NBA Jam Designer Rigged Game Against The Bulls

09.26.13 5 years ago

It was more than twenty years ago, so many forget about the old Eastern Conference battles between Isaiah Thomas‘ Pistons and Michael Jordan‘s Bulls. They were the best teams in the Conference after Larry Bird and Kevin McHale suffered through injuries which forced the Celtics off their 80s perch at the top of the East. Except, the makers of NBA Jam played favorites with the rivalry.

NBA Jam is — and was — one of the best arcade basketball games we ever played as a child. Usually it was at the local Putt-Putt arcade, but some of our friends had it, and any time we played with the Bulls’ tandem of Scottie Pippen and Horace Grant — or B.J. Armstrong (Jordan wouldn’t let the NBA license his name in the game) — we had no idea the game featured specially written code so that if we were matched up against the Pistons, we would never hit a shot in the final minutes.

In an ESPN the Magazine interview (by way of CSN Chicago), one of the original designers of the game, Mark Turmell, admits to cheating while writing the game’s code because, well, he’s a Pistons fan.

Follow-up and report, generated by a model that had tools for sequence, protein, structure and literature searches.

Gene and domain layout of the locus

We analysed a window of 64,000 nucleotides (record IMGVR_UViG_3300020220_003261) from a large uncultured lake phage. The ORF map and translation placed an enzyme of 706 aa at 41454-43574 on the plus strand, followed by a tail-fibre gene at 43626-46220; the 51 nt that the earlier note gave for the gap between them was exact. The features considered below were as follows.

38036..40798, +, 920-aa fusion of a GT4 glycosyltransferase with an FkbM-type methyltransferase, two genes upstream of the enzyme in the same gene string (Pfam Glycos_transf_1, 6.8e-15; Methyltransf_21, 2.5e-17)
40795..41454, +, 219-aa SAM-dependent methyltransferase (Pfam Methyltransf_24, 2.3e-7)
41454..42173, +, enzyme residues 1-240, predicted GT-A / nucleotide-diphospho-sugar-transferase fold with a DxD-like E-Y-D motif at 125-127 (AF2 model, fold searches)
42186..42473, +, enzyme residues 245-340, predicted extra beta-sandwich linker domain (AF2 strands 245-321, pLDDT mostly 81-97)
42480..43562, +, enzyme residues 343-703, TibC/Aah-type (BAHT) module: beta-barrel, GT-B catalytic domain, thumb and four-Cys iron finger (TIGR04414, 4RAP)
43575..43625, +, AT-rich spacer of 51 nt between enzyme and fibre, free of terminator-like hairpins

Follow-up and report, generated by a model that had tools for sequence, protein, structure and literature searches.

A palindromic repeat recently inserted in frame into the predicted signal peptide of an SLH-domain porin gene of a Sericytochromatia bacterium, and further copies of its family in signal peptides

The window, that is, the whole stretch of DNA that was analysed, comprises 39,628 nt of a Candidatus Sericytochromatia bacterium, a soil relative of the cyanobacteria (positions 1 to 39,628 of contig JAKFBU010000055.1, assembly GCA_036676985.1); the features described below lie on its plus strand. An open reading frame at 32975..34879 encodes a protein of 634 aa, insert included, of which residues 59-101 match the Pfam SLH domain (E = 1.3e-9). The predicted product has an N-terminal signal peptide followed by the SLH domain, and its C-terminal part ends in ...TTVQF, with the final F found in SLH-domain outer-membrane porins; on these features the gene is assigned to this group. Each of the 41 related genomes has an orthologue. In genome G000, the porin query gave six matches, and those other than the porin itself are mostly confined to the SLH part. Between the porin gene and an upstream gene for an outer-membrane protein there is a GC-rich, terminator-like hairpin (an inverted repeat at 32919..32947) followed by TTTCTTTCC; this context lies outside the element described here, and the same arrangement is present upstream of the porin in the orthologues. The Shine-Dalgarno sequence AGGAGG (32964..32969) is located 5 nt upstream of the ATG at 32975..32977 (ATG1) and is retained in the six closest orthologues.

ESPN: Did Scottie Pippen‘s ratings in the game really drop when he played certain teams?

Turmell: It’s true, but only when the Bulls played the Pistons. If there was a close game and anyone on the Bulls took a last second shot, we wrote special code in the game so that they would average out to be bricks. There was the big competition back in the day between the Pistons and the Bulls, and since I was always a big Pistons fan, that was my opportunity to level the playing field.

If you’re a Bulls fan, remember your team went on to win 6 NBA Championships in 8 years, and Thomas’ Pistons group only got the 2.

But this is ghastly news and totally unfair. It’s also sure to spark the interest of conspiracy theorists who think NBA 2K, NBA Live, or other basketball video games have hidden quirks that screw over their favorite team. The next time your video game player misses a potential game-winning shot, blame the game designer and not your skills with the game console.

Thanks to Mr. Turmell, the onus is never on us for a tough loss; it’s always the designer’s fault now.

[ESPN the Mag]

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